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Avoiding homework with code and getting caught


Reminds me of a passion project I started in high school that went completely viral and took on a life of its own. Wrote a small script for my friends to check their AP scores a few days early. Required high schoolers giving clear text access to their entire CollegeBoard account so I could log on and scrape their scores. Somehow it got posted to Reddit and from that year on, grew wildly. Got to almost 2 million students checking their score in its peak year. It was immensely fun while it lasted (ran for about 7 years) and honestly I miss the thrill of it. CollegeBoard now releases all scores on the same day so the site is pretty much useless now. Definitely always looking to chase the thrill of that score release day again though.

Congrats on a successful end to a fun high school project! Stories like this are always fun to read.


You ran EarlyScores? Thanks for a tool that really helped my friends and I!


You’re welcome - Glad it helped!


Can you elaborate on the approach? This sounds really interesting but I don't quite understand from reading your comment and

I think I remember paying some small amount of money (flat fee irrespective of # of years, IIRC) to get my scores quicker via a phone call in 2003,2004,2005. Perhaps I would've been better served by your EarlyScores.


The approach was fairly simple: access to the college board’s website was geo-IP restricted for about 5 days time. It would start with a small collection of states, and each day over the five days another group of states would get access to the site starting at ~8:00am EST. I would get a few AWS/GCP/DigitalOcean nodes in a DC that had an IP in a state releasing on the first day. Put a small JS script on the nodes that would use the username and password input from students to sign in to their Account and send back the scores. Basically just a proxy without the need for configuration.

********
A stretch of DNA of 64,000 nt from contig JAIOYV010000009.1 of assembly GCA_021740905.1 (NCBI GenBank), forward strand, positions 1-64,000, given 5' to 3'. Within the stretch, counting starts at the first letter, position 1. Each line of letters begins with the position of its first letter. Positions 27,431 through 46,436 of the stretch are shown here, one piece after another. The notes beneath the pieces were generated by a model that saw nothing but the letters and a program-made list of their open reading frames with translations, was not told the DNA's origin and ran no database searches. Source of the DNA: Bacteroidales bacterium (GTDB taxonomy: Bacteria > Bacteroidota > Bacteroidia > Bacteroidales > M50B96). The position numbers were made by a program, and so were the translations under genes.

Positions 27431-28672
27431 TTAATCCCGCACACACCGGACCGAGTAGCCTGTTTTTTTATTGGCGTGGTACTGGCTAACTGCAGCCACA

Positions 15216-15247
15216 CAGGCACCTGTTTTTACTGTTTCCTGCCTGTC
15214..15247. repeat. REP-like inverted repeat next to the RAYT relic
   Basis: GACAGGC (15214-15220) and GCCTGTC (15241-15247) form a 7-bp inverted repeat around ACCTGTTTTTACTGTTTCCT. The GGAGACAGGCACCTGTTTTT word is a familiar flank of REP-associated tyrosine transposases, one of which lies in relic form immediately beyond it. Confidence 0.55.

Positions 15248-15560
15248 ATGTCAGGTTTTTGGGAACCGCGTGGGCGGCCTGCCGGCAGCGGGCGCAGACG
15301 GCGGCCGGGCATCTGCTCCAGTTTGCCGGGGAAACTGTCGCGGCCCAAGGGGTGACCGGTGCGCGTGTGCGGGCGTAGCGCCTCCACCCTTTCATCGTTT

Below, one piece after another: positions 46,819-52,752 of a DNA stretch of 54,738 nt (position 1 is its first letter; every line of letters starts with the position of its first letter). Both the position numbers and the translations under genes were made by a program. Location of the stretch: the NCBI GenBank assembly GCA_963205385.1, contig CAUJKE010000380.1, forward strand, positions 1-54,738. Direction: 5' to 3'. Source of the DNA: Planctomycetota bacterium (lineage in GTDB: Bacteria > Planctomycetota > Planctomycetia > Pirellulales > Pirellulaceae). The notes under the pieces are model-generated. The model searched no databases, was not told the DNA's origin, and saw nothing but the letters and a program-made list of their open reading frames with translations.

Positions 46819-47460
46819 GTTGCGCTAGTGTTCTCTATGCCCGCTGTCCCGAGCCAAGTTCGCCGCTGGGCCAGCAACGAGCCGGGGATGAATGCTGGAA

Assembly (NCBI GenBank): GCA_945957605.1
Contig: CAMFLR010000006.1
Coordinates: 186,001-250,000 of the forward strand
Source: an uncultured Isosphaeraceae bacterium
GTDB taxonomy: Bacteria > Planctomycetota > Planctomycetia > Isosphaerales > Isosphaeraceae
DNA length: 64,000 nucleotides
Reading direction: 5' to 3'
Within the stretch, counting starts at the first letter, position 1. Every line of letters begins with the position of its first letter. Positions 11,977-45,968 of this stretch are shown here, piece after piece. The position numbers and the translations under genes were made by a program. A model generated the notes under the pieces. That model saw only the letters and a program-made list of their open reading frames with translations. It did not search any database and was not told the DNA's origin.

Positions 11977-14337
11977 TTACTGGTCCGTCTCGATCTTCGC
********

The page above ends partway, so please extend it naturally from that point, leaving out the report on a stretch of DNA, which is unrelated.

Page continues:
Probably wouldn't have helped.

> In 2014, with my first AP courses under my belt, I anxiously anticipated the release of my AP scores. What I realized at that time was that scores were rolled out by the College Board over a week’s time, and my AP scores would be accessible on one of the later dates. The need to see my scores on the first available date spurred me to create


I remember that kind of thrill. For a while I ran a tool for Etsy before they had an API, circa 2007. What they did have was AMFPHP, powering their flash toys (treasury, etc). I used it to allow sellers to see their sales stats.

Even went to the Etsy office in Brooklyn at one point and had a chat about it. I think some of the team was a bit bemused that I'd essentially extracted a large amount of data. But they took forever to get to the point of having an actual API (and I was one of the early users of this as well).